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Q-Bix Box
Q-Bix Box
Comments: 4
richter

24.07.2017, 20:28








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Rashad's question
Rashad's question

            

Rashad's question
Description: This image is to answer Rashad's questions about Bryce & sea.
Hope Rashad forgives me late reply, and you all find this post useful..

This is basic sea scene that I made some time ago, and use with different settings and actors. In this image no postwork or ships were used. On the right there's base wake - it's the place where ship is supposed to be placed.
Method:
1. I don't use procedural terrains, I baked a high-res terrain - Mordor generator, exported as image from Bryce, then in 2D editor (GIMP) I converted grayscale heightmap into tileable seamless pattern. Reimported back to Bryce's terrain editor (picture option in DTE). Resulting terrain is then multireplicated. Replication vector is slightly smaller than terrain dimensions - In this image I've used 20*20 multireplicated terrains. Closest seam starts some inch above low-left corner of the image, and continues diagonally to horizon at right. There's no way you can see the seams, but you can see its repetitiveness - it's main drawback.

2. Wake is just another layer in GIMP, it is blended before export with the main heightmap, and used with closest terrain only. Rotating the wake layer in GIMP must be done to turn wake in Bryce - that's most difficult part.

3. 400 terrains can make pretty big sea, but sometimes it's not enough. I took to GIMP the base heightmap, scaled it 10 times smaller, made it repetitive pattern. Resulting heightmap is the same size as base one, but has 10*10 pattern. In Bryce terrain like this must be 10 times bigger - it fit seamlessly to 10 base terrains, This one can be multireplicated as well...

4. Sometimes I use also "fourth stage" terrains - two or three, low resolution, but really gigantic to fill this remaining pixel. It doesnt have to be special pattern, just any noise will do. It's too far to show any seams, but it must be flattened noisy terrain - plane or infinite plane reflects light different way. All these terrains look somehow like Sierpinski fractal, High precision is required (numerical values keyboard input instead mouse actions for every scaling, positioning etc...) Resulting scene is big and Bryce slows down handling it, yet it doesn't crash.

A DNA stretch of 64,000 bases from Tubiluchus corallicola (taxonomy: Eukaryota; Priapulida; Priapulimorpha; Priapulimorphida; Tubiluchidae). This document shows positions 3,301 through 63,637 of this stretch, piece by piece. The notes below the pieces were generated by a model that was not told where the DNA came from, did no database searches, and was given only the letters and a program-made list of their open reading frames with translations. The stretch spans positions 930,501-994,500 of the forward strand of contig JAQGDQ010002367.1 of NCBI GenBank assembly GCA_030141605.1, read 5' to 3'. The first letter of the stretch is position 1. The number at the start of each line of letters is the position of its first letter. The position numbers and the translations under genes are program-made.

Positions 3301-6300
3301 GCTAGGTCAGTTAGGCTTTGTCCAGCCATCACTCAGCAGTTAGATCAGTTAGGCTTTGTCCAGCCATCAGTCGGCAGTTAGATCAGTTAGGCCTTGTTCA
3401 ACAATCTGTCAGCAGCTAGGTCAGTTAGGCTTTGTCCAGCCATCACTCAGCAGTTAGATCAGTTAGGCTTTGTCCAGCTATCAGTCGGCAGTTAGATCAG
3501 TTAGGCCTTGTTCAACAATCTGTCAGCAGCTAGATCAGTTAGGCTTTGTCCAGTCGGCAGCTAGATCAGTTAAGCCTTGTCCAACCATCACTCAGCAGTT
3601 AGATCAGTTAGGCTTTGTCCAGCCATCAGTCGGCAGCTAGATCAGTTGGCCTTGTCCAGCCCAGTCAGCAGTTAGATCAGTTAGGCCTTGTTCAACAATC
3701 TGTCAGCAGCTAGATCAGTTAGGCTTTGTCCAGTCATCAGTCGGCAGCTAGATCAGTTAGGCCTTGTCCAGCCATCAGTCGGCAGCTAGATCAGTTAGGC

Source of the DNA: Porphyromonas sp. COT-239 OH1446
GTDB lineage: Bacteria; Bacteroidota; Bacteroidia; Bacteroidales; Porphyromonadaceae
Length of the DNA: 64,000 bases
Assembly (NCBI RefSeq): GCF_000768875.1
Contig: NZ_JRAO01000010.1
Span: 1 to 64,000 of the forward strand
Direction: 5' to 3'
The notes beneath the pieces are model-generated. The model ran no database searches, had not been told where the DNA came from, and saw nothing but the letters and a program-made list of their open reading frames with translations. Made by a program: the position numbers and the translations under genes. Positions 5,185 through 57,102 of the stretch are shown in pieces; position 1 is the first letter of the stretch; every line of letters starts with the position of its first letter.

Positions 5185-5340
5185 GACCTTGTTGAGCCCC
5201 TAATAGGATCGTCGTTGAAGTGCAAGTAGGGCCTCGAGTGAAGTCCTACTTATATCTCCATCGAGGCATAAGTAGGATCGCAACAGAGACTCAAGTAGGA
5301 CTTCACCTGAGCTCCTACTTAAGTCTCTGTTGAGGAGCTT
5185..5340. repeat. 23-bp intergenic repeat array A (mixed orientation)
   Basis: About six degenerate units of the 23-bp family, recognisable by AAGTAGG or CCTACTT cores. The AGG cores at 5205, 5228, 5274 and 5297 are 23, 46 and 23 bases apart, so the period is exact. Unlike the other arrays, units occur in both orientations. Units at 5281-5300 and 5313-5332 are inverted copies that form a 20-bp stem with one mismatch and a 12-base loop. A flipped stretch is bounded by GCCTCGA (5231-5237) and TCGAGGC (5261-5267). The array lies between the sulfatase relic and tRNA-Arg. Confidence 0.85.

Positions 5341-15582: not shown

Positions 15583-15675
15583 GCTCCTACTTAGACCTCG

Added by: Popgriffon
Keywords: Sea, Ocean, Bryce, GIMP, Popgriffon
Date: 10.11.2008 06:13
Hits: 4314
Downloads: 187
Rating: 0.00 (0 Vote(s))
File size: 118.5 KB
Previous image: Roses
Next image: Tender Night



Author: Comment:
rashadcarter1
Admin

Join Date: 06.04.2006
Comments: 2615
-

Wow! First off thanks much Popgriffon. I thought you had forgotten about the question so I am glad to see you have not. Making a terrain water surface stretch to the horizon in Bryce is a sure challenge, but a worthy one because terrain surfaces look amazing compared to flat topped planes and slabs. The process you used sounds exactly like what I would have done and indeed have been doing for the most part:

http://www.bryce5.com/details.php?image_id=3174&mode=search

http://www.bryce5.com/details.php?image_id=2200&mode=search

http://www.bryce5.com/details.php?image_id=2728&mode=search

In the first scene the water does not extend to the horizon, but in the second image it does. The progression thru to the horizon looks okay to me in the second version. But in the third version I tried some different settings with the water and in this case introducing a really bad IBL light that was too strong, anyhow, I had a bit of a problem with the horizon so I was very curious how you handled the task. You are using alot more terrains that I would use. In a few cases I have created some very detailed terrain surfaces using "pocked" setting, it creates nice complex water surfaces with convincing breaks. Anyhow I would create maybe 10 different terrain images and resize and tile them in PSP, re-import them to Bryce on a terrain 4096x4096. Clearly a scene can only withstand a few terrains at this resolution but it makes the repeats almost impossible to observe. I feel your water always looks great and I appreciate you spelling it out for little old me. Thanks!

I would say that camera angle is also very important. If the camera is set high up in the air looking out you can see much farther making it difficult to sell the terrain water surface. At lower angles like above the horizon progression is much easier to make convincing. Every facet helps to understand.
10.11.2008 15:57 Offline rashadcarter1 rashadcarter1 at aol.com
adrian
Member

Join Date: 07.28.2004
Comments: 104
-

Thanks for sharing this.
It makes a convincing looking sea-scape.
Nice texture too, no post on that?
10.12.2008 09:42 Offline adrian adsl466849 at tiscali.nl
rashadcarter1
Admin

Join Date: 06.04.2006
Comments: 2615
-

Popgriffon already uploaded this water at my request a few months ago. It is in the material exchange.
10.12.2008 10:19 Offline rashadcarter1 rashadcarter1 at aol.com
adrian
Member

Join Date: 07.28.2004
Comments: 104
-

Sorry, missed that.
Thanks Rashadcarter1.
10.12.2008 10:23 Offline adrian adsl466849 at tiscali.nl
Horo
Admin

Join Date: 05.26.2004
Comments: 4364
-

Thanks Popgriffon for sharing this with us. Quite elaborate seascape - looks very convincing.
10.12.2008 11:08 Offline Horo h.-r.h.wernli at bluewin.ch https://www.horo.ch/
archclan
Member

Join Date: 08.01.2008
Comments: 242
`

Thank you for sharing this one this will come in handy..
10.12.2008 11:28 Offline archclan arch_devol at yahoo.com http://www.archclan.deviantart.com
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